Disaster Relief: What The IRS Giveth, The IRS Taketh Away (Part Two)

Disaster Relief: What the IRS giveth, the IRS taketh away. Or so it seems for disaster relief taxpayers until you get to page 4 of the collection notice.

As discussed in Part One, over one million taxpayers living in a disaster area filed their returns early with a balance due, expecting to make a timely payment by the postponed dates. Unfortunately, for taxpayers covered by a disaster declaration the IRS followed its normal collection procedures and mailed an initial collection notice and demand, Notice CP14, reflecting an incorrect due date. The notice also informed the taxpayers that interest and penalties would accrue after the due date reflected on the front page of the notice. This is wrong for taxpayers covered by disaster declarations because payment is not required prior to August 15 or October 16, depending on the disaster area when the original due dates fall within the postponement period. To remedy the incorrect date, the IRS included a short paragraph on the back of page four of the Notice CP14. However, the additional language did not solve the problem. Instead, it led to confusion and questions.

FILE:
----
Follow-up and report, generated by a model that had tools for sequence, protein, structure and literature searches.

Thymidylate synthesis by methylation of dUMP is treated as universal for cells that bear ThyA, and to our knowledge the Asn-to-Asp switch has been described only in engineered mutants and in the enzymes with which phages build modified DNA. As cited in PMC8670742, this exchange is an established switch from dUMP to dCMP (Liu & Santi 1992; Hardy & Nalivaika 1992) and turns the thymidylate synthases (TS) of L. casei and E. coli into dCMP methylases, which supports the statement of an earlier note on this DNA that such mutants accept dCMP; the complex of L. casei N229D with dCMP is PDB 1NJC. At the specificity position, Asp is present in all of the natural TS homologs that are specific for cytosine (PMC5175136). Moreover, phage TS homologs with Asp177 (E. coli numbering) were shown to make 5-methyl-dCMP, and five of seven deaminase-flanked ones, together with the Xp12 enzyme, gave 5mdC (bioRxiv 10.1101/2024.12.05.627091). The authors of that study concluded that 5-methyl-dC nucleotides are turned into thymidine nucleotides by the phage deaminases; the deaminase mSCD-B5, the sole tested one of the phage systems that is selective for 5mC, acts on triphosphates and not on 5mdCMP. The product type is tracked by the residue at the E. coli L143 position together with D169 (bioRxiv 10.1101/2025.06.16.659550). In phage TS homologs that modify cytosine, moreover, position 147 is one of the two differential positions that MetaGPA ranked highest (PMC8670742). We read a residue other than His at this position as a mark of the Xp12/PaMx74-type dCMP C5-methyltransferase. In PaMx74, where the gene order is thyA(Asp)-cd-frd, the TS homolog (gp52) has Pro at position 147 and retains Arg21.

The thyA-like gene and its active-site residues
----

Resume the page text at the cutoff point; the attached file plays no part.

What Is the IRS Doing? What Can Affected Taxpayers Expect?

After receiving complaints from affected taxpayers, the IRS decided to send out updated notices (Notice CP14CL) to clarify that taxpayers covered by disaster declarations do not have to pay before the postponed due date, August 15, 2023, or October 16, 2023. The updated notice will reiterate that early payment or taxpayer response is not needed. Impacted taxpayers should expect to start seeing those letters in the mail shortly.